Beyond the basic model

May 01, 2006 9:30 PM  By

Modeling has come a long way beyond the good old recency/frequency/monetary value (RFM). Thanks in no small part to the rise of cooperative databases, the types of models and the variables available have become more numerous and sophisticated.

But like the practice of medicine, database modeling is as much an art as a science. The practitioners continue to fine-tune the data and the interactions among them to create more-effective means of boosting response.

Above all, that requires never losing sight of the purpose of the model. “The whole point of modeling is to mirror the client’s customer. That aspect helps create a manageable universe by pulling the best of the best for prospecting,” says Lori Collins, corporate vice president of Hackensack, NJ-based list firm Focus USA. “Without the statistics behind it, there’s a question of picking the right people. The higher the score, the higher the chance they will respond or be converted.”

For his part, Chris Montana, senior vice president with Hackensack, NJ-based list marketing services firm Mokrynskidirect, says his company does not see as many clients requesting modeling to find niche customers. “Models aren’t being used to cherry-pick from a smaller universe, Montana says, “but to expand beyond what the direct marketer already has in its house files.”

Catalogers are using models more to predict and sharpen the performance of marginal lists and second-tier selects, he says. Direct marketers know what works with the first-tier customers, but while growing their circulations, they are willing to venture into the gray area of their models for incremental growth.

Zip it up

Focus USA’s Collins is a proponent of going beyond the zip code level to zip+4 credit data. The information is a mirror image of sorts of the 300-plus credit variables associated with every consumer that are housed at the big-three credit bureaus, Equifax, Experian, and TransUnion, but is not the actual credit data. Rather, the information is aggregated at the zip+4 level.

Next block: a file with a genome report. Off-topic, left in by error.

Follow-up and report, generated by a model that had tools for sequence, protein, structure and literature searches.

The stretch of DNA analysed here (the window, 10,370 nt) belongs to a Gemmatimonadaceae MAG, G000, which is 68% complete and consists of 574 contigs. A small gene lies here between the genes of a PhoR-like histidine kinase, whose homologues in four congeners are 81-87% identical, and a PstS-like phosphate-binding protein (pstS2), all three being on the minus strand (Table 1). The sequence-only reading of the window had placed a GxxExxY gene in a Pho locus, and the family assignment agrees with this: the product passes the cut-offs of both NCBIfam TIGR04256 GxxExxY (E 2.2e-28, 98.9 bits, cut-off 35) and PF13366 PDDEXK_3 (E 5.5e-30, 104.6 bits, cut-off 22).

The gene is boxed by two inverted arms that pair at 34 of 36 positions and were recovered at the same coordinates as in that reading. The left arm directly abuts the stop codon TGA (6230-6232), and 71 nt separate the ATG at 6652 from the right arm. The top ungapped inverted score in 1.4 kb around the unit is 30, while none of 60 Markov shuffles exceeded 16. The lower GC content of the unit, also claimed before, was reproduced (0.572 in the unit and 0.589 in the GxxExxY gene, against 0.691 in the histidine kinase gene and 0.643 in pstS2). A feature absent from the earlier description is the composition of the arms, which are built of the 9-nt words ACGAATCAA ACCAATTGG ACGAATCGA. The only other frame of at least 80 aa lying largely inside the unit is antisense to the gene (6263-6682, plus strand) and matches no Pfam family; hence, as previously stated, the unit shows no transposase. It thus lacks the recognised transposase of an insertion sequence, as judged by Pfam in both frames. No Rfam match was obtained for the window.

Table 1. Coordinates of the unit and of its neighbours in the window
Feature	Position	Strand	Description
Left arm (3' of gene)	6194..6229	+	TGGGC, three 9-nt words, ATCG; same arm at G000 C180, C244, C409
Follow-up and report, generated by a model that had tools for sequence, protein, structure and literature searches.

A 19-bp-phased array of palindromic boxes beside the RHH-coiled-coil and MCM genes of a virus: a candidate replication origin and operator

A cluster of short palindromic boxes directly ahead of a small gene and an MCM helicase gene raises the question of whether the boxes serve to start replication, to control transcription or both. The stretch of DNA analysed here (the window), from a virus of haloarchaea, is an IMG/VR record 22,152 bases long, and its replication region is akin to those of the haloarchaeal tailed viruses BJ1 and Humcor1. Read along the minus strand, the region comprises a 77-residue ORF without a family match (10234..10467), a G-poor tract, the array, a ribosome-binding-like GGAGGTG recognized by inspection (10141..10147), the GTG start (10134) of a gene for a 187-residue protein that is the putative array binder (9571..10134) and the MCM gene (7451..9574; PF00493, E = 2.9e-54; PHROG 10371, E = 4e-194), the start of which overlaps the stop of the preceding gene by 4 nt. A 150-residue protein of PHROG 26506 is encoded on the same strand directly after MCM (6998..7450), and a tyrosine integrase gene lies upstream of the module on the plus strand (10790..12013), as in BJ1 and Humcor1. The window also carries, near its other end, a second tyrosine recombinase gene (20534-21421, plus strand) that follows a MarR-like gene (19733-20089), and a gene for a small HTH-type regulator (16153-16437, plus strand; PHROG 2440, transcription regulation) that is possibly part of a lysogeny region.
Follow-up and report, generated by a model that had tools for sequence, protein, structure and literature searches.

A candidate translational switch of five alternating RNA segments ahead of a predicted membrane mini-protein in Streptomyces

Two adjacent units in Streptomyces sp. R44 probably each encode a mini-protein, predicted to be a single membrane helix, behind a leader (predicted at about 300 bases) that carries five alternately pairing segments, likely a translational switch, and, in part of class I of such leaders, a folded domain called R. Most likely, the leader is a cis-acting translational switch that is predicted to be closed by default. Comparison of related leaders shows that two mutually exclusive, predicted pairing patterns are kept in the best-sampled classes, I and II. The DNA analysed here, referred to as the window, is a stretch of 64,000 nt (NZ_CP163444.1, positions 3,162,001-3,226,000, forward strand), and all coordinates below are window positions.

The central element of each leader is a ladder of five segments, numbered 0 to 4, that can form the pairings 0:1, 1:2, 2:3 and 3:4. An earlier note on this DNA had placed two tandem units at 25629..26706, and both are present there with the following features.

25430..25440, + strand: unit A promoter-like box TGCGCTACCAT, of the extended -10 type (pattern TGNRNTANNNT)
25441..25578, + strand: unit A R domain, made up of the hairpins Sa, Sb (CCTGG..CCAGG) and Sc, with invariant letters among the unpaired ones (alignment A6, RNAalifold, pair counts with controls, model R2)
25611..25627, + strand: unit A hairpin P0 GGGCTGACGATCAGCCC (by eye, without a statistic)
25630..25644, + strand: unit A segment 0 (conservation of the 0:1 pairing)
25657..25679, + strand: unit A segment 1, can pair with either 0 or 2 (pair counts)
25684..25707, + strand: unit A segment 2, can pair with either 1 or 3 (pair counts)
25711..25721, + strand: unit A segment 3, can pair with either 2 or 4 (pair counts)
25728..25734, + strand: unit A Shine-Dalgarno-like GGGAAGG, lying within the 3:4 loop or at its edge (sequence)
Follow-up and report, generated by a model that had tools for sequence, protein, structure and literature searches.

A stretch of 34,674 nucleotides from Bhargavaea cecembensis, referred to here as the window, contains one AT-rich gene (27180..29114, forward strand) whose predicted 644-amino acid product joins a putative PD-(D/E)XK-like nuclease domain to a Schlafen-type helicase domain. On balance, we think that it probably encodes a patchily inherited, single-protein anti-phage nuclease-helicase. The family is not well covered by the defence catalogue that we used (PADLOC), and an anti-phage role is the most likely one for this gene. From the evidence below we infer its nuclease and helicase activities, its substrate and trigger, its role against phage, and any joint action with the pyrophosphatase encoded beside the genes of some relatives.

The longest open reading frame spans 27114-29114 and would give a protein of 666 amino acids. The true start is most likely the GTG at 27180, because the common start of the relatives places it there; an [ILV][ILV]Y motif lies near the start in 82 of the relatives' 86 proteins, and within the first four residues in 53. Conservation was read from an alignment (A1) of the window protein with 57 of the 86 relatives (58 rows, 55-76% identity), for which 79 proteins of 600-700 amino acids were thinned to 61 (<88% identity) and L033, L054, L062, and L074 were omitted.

Because the data points are aggregated, the file is not subject to the Federal Trade Commission’s Fair Credit Reporting Act (FCRA) passed in 2002. Concerns about the FCRA and potential security breaches, says Focus USA’s Collins, had led many services providers to err on the side of caution and stop offering zip+4 modeling for a few years. But during the past year and a half, zip+4 credit information has slowly made its way back to the market, thanks to the certainty that real credit data are not being used.

Collins considers zip+4 data to be the “perfect surrogate to true credit data.” Because each nine-digit zip+4 code represents no more than 10 households, “the data level is small enough where it’s still viable but doesn’t look at a person at a personal level and can still help a marketer determine the best people for the offer,” she says.

Direct marketers use zip+4 models to eliminate certain streets within a zip code that may not be as socioeconomically desirable as others.

“You can look out your front door and see your neighbors, and you will know that they are most likely in the same socioeconomic state as you are,” Collins says. “But if you’re making the same offer to people in the next town over, or even the next block over, you can muddy the water, and your deal could be irrelevant.”

Making the most of what you’ve got

Jim Coogan, president of Santa Fe, NM-based consultancy Catalog Marketing Economics, says that one major modeling focus now is to find customers in the older segments of buyer files that could be reactivated.

“Let’s say you have 200,000 names in your buyer file that you’ve stopped mailing to because they haven’t made a purchase from your catalog in three years,” says Coogan. “You can optimize that with a co-op list, find out which customers are shopping with the competition, and identify 10%-15% that could be reactivated.” The co-op file would be overlaid to the inactive customer list to help identify those who had made recent purchases in the same product categories, the number of recent purchases, and the dollar value they represent.

Another hot modeling strategy, according to Coogan, is to take your list of Web-only buyers who have never received a catalog, model those names at the co-ops, see which ones are active mail order purchasers, and determine if you can gain additional purchases and incremental sales by mailing them your catalog — or if you can cut back your mailings without reducing sales.

“It’s a good method to make sure the catalog is driving your e-commerce,” Coogan says. “And if they find these consumers are ordering only from the Web, catalogers are finding out they don’t have to send as many catalogs. They know they can cut from 10 to two catalogs a year to those customers because they know they are Web-driven.”